नारीस्तनभर नाभीदेशं दृष्ट्वा मागामोहावेशम् | एतन्मांसवसादि विकारं मनसि विचिन्तय वारं वारम् ||
Drstva MaGa Mohavesam
Etan mamsava sadivikaram
Manasi Vichintaya Varam Varam
Seeing the full bosoms of young maidens and their navel
Remember this well. Think this over and over.
The immediate response to this, specially in this day and age, would be celibacy. We have heard this before, be celibate and desist from all vices. Today we live in a world, where it has become crystal clear, that nothing sells like sex. Everywhere we turn, we are enticed by display of skin, of both women and men.
In the previous stanza, Adi Shankaracharya, advises us against the desire to accumulate and hoard wealth. Here he has turned his attention to another common delusion for us, humans, our inability to control passion. Again, as i indicated, it may seem misplaced advise in our world today. Or then again, it is probably even more important and relevant today, than ever before.
While the lines are directed towards a male in the society, the import of these words are not lost to the opposite sex. The inability to control these passions are genderless, strange it may seem to some, but nevertheless an universal truth. I read in a book somewhere recently, "every time a man cheats, one must remember that there is a woman who assists him". My intent is not focus on infidelity and who is responsible, but more to highlight that this fact, sexual passion is not simply a male obsession. And more importantly, it necessary to realize that he in not arguing against biological needs or our basic human instincts.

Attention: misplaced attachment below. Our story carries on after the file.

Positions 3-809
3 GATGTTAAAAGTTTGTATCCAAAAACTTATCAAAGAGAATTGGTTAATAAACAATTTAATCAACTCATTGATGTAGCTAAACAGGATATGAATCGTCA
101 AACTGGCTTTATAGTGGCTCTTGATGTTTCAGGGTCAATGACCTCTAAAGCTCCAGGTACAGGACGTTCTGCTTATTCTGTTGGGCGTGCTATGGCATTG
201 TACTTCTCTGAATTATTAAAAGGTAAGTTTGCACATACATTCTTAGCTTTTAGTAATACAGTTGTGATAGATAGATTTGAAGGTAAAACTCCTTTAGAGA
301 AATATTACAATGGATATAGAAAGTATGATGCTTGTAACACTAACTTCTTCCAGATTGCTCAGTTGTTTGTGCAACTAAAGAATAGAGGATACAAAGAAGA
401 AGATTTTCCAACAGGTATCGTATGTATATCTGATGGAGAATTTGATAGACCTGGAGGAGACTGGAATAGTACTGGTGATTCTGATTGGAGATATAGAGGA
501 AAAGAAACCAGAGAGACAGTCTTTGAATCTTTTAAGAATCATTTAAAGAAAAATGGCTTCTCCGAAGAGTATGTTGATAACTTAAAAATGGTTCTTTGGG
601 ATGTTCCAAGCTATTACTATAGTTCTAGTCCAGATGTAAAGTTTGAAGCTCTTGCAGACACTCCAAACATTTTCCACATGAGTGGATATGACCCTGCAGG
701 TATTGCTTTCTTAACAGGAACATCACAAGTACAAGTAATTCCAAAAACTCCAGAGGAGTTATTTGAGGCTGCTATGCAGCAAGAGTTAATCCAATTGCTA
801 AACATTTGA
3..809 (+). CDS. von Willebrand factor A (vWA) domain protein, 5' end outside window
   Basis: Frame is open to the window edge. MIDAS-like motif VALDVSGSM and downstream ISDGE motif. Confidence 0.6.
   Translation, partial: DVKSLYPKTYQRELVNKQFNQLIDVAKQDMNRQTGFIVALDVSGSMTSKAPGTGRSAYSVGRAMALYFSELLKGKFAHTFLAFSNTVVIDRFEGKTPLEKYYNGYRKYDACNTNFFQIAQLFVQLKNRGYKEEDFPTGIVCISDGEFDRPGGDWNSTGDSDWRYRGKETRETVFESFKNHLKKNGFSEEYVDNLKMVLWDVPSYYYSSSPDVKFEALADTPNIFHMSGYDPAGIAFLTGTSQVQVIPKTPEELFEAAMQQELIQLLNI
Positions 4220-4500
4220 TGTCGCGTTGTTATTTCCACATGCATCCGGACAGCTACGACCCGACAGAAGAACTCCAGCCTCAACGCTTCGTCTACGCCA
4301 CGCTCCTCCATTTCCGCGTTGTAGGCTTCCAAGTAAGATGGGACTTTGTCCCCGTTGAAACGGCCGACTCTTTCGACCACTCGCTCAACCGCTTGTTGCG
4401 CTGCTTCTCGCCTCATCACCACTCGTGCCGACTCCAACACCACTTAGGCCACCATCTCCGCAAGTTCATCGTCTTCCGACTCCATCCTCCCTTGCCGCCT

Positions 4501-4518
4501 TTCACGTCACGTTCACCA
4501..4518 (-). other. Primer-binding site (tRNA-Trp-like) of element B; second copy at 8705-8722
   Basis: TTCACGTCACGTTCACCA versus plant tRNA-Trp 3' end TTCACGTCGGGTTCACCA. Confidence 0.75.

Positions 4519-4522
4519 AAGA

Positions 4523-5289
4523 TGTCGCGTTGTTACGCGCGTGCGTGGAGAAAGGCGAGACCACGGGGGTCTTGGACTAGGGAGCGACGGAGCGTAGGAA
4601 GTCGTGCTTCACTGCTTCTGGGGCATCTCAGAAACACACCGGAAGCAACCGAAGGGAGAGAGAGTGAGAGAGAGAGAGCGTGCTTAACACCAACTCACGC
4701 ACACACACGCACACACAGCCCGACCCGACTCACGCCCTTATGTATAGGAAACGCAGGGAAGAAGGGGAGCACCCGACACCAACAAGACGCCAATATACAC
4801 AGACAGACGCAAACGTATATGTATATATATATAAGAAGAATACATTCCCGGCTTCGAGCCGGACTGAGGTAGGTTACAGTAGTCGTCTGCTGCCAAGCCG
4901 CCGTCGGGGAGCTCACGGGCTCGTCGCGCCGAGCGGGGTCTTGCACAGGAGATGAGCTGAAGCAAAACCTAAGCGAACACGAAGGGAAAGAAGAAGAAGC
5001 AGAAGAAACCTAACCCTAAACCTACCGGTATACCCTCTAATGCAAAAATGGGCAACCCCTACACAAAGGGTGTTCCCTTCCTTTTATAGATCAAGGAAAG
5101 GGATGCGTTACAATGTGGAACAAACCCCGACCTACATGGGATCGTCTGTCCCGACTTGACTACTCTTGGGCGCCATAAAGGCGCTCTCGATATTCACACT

He, rather, cleverly help us overcome these instincts. Human beings, have some inherent discriminative ability, that allows them to distinguish objects of the opposite sex. People pick and choose who they desire to indulge in this act. And thereby we are able to discern between our immediate family and members from outside. We are therefore able to curb our instincts in certain situations. We are also able to control when, where, and how. So it is not necessarily true that we have little or control on our instincts. We do. We infact have a lot of control and we can also train and tweak these instincts to behave. It is this that the master is trying to allude to by bringing the comparison to raw flesh. If nothing works, the imagery of raw flesh or blubbery fat is good enough to help us put a pause on these instincts.
The objects of human desire are not necessarily a threat to us, nor are they vices in themselves. The truth is in our hallucination in these. Our perception of how important these are to our lives that determine how these impact us. Shankaracharya's advice will allow us to develop the faculty required to focus on the essentials, rather than on indulgences.